Do not plan on
lucking into an abandoned cabin nestled comfortably into a forgotten
wooded glen. There are however, numerous naturally occurring shelters
one can make use of; caves and some old mine shafts can serve the
survivalist well. There are some inherent dangers that must be
weighed, but there are also some undeniable benefits. They are usually
a constant temperature year round. They are also easily defended; you
can build a fire to the front of the opening to ward off wild animals.
If caves, outcroppings, or mine shafts are not available, one can also
shelter under the stump of a large uprooted tree. If there is not an
"under" to the uprooted tree, but rather a "by", you can easily lean
branches against the open side of the root ball, and cover these with
leaves, ferns, and or evergreen boughs to create a warm, cozy, and
dry, little shelter.
You must remember
that it is not wise to sleep on the ground. Body heat is lost to the
soil at a very high rate. I learned very early on that this makes for
an extremely uncomfortable night. It is therefore necessary to get your
body up off the ground. This may be accomplished by doing something as
elaborate as building a sleeping platform, or it can simply mean
adding a thick layer of evergreen boughs, or forest floor debris. One
must be careful though to pick clean material for ones bedding. I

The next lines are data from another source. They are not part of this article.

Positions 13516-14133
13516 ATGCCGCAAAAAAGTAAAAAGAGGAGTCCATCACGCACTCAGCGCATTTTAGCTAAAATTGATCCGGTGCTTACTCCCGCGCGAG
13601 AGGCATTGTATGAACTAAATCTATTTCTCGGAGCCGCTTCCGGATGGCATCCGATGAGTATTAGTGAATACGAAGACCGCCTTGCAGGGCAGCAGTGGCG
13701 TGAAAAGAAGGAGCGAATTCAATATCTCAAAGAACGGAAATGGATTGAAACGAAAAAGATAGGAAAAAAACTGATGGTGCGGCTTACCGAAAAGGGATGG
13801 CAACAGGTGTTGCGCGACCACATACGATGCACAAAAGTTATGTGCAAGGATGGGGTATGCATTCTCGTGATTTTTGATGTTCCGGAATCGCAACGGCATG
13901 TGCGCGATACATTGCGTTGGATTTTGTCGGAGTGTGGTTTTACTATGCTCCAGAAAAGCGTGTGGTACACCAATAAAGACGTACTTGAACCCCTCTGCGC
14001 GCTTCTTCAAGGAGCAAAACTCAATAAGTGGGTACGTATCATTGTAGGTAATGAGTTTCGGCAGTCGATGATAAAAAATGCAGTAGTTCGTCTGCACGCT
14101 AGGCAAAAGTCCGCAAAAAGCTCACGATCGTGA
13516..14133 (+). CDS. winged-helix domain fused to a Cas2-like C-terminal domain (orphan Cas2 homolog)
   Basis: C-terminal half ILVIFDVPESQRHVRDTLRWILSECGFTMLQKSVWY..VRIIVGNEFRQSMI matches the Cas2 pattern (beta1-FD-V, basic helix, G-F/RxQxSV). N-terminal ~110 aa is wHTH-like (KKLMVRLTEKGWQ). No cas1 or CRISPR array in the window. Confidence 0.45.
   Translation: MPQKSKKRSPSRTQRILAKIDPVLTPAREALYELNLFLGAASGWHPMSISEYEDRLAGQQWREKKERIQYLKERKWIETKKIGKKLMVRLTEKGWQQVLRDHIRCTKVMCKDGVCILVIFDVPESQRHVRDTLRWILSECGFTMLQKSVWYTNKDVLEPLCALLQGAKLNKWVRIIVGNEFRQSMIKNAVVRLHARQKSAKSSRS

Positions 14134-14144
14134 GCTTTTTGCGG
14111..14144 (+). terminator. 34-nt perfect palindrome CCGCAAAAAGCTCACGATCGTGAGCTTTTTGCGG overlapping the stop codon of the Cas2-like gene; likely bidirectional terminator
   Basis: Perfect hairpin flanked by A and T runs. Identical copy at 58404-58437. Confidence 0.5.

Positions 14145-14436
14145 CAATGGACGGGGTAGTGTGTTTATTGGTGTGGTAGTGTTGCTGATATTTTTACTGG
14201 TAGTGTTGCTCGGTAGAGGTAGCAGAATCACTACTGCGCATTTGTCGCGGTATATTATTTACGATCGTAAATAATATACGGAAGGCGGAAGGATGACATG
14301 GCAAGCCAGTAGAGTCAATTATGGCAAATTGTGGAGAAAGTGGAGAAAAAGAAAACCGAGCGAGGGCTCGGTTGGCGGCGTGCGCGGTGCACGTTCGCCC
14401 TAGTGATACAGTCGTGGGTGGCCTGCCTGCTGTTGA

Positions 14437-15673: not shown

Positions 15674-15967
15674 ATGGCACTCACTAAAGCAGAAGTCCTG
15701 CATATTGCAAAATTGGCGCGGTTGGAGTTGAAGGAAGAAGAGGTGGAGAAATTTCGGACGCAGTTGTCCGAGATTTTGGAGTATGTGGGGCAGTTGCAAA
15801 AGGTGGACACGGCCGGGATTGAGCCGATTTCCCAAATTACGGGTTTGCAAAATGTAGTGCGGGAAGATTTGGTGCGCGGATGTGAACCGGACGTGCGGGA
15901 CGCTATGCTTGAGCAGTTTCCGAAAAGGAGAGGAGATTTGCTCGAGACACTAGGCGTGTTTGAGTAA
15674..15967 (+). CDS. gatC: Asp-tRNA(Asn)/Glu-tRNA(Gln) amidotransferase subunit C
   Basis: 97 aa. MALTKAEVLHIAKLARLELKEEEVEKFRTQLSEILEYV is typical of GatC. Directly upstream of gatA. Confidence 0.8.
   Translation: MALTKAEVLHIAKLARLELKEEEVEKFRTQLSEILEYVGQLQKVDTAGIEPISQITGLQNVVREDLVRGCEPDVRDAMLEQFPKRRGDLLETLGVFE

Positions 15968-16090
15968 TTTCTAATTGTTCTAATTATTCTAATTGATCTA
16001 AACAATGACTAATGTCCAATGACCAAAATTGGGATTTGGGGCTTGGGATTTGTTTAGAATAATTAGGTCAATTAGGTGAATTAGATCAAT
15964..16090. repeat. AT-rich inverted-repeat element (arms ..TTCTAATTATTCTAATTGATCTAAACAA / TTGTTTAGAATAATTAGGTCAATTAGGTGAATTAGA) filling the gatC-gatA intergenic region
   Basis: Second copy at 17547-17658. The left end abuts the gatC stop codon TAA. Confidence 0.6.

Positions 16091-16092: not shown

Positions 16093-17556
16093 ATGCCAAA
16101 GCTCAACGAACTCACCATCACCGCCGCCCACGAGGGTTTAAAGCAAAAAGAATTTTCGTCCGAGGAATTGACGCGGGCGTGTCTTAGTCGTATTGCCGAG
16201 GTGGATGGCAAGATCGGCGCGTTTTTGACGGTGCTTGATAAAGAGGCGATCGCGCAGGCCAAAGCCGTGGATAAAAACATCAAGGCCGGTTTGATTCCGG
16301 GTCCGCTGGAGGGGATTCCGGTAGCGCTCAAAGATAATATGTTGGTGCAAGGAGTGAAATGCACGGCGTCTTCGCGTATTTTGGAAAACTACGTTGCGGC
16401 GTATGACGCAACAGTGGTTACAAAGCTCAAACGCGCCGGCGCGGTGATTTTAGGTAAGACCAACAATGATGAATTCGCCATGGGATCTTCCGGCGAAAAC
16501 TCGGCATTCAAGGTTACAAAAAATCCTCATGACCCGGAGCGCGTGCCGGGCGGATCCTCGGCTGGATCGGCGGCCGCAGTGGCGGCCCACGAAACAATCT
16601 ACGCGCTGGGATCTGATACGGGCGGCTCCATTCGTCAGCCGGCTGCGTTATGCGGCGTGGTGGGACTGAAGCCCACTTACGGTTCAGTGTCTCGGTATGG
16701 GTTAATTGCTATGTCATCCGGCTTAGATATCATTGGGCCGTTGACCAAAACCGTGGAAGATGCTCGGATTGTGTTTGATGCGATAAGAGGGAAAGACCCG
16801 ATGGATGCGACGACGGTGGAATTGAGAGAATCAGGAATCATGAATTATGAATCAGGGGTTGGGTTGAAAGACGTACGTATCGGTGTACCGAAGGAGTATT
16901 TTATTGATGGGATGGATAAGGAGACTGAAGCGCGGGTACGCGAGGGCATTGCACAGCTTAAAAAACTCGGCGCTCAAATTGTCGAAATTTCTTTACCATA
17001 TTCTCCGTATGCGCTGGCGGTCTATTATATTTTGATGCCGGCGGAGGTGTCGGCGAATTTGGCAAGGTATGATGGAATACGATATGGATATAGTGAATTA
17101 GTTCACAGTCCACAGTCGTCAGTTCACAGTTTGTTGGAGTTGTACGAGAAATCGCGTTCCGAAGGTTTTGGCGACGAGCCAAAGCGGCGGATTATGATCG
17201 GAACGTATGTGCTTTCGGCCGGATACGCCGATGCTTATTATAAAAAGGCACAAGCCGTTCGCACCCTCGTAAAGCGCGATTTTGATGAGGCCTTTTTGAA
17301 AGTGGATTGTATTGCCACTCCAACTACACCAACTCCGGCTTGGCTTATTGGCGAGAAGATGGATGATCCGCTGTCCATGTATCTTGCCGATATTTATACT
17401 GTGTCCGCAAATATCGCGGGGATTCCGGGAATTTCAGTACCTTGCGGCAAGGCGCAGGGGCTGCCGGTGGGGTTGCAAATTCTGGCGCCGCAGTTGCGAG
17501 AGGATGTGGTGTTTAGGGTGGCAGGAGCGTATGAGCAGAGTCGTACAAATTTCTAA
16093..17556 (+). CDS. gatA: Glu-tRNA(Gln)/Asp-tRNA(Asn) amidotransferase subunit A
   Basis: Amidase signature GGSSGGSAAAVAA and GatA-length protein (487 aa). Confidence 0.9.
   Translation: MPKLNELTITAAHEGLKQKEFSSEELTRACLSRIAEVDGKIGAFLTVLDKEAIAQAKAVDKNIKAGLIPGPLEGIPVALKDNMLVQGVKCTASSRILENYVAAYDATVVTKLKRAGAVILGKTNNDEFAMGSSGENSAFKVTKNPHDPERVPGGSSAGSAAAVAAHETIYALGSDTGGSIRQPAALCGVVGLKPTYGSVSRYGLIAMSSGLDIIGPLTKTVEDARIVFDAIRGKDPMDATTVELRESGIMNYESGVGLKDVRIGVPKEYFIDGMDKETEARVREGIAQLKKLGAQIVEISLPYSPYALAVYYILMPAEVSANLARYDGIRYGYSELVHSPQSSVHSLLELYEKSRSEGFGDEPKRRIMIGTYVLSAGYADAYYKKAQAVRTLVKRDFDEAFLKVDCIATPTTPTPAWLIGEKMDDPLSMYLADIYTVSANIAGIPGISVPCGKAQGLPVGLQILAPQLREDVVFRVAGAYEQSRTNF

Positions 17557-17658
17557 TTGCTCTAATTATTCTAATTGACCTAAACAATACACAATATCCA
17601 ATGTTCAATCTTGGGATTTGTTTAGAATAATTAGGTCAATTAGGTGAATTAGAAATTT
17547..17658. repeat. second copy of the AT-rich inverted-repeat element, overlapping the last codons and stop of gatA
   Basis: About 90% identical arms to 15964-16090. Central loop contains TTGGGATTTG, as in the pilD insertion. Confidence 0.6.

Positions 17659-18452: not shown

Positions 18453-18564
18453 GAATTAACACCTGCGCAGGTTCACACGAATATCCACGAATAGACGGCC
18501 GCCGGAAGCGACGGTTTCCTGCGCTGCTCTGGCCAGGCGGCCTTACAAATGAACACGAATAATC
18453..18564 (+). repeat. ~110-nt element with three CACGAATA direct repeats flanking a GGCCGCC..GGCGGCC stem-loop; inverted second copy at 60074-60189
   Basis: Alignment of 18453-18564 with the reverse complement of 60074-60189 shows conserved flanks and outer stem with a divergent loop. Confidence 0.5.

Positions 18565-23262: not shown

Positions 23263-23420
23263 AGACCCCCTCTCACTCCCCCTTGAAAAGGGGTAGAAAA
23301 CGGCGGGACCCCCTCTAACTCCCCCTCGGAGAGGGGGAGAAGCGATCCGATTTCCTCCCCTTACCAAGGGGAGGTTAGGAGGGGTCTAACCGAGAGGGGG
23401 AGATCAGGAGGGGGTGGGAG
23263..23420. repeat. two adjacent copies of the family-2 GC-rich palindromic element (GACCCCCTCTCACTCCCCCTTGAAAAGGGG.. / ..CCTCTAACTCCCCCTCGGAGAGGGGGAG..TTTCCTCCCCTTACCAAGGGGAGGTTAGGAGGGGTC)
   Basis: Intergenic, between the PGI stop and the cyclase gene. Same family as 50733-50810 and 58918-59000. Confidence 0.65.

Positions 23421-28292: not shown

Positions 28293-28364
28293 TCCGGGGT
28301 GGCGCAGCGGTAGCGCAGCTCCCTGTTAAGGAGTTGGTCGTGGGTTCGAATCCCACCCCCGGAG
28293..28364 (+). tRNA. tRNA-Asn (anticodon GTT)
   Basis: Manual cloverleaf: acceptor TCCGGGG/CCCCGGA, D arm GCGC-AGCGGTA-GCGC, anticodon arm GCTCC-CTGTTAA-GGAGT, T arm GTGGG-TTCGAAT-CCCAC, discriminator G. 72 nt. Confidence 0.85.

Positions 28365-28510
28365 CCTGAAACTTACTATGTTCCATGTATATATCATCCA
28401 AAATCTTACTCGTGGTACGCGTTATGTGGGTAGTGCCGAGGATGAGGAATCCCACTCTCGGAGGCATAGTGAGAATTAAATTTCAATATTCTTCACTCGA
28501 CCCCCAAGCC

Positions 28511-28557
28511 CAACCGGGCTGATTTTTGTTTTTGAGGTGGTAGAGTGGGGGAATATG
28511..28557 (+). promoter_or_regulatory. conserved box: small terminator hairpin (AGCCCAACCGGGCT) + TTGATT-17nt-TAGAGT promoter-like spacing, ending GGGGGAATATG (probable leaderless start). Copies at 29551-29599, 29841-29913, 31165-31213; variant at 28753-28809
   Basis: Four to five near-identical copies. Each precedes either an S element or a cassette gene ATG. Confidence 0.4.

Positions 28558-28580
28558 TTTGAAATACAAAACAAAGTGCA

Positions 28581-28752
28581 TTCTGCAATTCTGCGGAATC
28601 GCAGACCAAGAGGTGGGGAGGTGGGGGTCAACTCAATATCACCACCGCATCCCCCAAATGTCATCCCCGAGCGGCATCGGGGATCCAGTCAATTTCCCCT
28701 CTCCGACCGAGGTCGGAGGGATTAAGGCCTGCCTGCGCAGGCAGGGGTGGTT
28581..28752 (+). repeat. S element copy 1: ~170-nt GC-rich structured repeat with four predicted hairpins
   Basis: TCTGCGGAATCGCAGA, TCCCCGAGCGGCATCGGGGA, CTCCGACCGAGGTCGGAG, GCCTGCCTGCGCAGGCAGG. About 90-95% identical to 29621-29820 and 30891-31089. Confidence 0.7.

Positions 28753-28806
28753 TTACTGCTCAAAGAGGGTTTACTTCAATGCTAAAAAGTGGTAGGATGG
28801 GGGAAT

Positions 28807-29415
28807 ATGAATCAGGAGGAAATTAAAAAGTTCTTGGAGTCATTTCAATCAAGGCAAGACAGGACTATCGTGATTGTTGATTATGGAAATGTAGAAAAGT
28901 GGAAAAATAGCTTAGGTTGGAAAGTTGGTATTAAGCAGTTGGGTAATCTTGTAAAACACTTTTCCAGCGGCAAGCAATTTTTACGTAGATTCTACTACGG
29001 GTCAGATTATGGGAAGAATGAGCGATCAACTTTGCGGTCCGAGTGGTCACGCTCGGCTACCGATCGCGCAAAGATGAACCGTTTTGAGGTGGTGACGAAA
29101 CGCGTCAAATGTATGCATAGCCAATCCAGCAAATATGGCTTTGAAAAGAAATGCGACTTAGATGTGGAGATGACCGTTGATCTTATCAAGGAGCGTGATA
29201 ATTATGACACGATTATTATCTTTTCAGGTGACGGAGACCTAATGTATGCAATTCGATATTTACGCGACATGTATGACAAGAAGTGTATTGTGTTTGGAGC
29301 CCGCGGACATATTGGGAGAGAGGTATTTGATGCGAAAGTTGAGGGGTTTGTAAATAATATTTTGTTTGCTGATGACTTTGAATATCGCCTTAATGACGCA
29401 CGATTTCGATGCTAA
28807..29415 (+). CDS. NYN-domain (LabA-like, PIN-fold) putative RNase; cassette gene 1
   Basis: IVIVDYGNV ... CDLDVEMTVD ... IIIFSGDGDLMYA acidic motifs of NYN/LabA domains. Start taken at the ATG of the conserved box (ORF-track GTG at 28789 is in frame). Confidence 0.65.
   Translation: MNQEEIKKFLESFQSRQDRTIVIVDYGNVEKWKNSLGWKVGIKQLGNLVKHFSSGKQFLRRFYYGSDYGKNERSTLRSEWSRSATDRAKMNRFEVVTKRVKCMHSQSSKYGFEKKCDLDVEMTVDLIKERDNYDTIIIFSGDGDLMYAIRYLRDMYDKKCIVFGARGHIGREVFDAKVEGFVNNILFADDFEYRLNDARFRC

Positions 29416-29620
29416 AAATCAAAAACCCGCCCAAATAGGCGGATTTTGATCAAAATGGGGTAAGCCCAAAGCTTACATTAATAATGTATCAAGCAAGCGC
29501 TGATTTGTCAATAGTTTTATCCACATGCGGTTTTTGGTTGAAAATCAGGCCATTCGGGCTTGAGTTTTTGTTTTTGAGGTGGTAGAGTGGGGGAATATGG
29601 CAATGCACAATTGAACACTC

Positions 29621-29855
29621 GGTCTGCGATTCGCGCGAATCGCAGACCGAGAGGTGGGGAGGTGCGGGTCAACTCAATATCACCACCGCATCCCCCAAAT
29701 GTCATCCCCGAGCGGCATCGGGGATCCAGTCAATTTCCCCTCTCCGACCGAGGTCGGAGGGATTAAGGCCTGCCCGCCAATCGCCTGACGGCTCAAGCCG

cannot begin to describe the suck factor of waking in the night to
find you made your bedding from material infested with insects.
carry a hammock and an 8' x 10' tarp in the tool box of my truck.
There is really no easier 3 season shelter than hanging a hammock
between a couple of trees, and suspending the tarp above it to shed
any rain that might happen to fall. Once you become proficient at it,
you can get it up in a matter of minutes.
You can also create a number of shelters from readily available local
materials. One of my favorite shelters is a debris hut with nest.
Build a box to hold a nest of dried leaves upon which one can sleep.
Start out by constructing log cabin style walls about 18" tall
interlocking at the corners just like a log cabin. The resulting box
should be at least 1ft longer than your body, and 2ft wider. Once this
is done, fill the box with clean, dried, leaves gathered from the
forest floor. It is important to make sure this material is free from
insects, and moisture. Once you have this done, the walls will hold
the leaves in place, and you have a very soft bed upon which you can
sleep. If you build the walls higher, you can actually burrow into the
leaves for warmth. After building your nest, you can construct a
debris shelter over the top to keep out the weather. Use dead branches
and saplings to make the framework over your nest; think of a wood
stick tent. While smaller branches and sticks are used to make the
lattice work for roofs and walls. Finally leaves, ferns, grasses, pine
boughs, and even mud or snow are used to seal out the elements. Once
you become proficient, this type of shelter can be built in a few
hours, and it will keep you quite warm and cozy with limited gear. The
thicker you make the roof and walls, the better insulating properties
the shelter will have. This is an excellent shelter for cooler
climates. Think of this type of shelter as two separate components.
Each can be used alone, or combined into a super shelter.
If your stay will be longer than a night or two I would suggest
building a Wikiup or Wigwam. These shelters served our Native American
brothers well. Using local materials, and time honored practices, they
can be built in a relatively short amount of time, and they offer
shelter, warmth, and comfort. In our weekend wilderness skills course,
we will build such a shelter.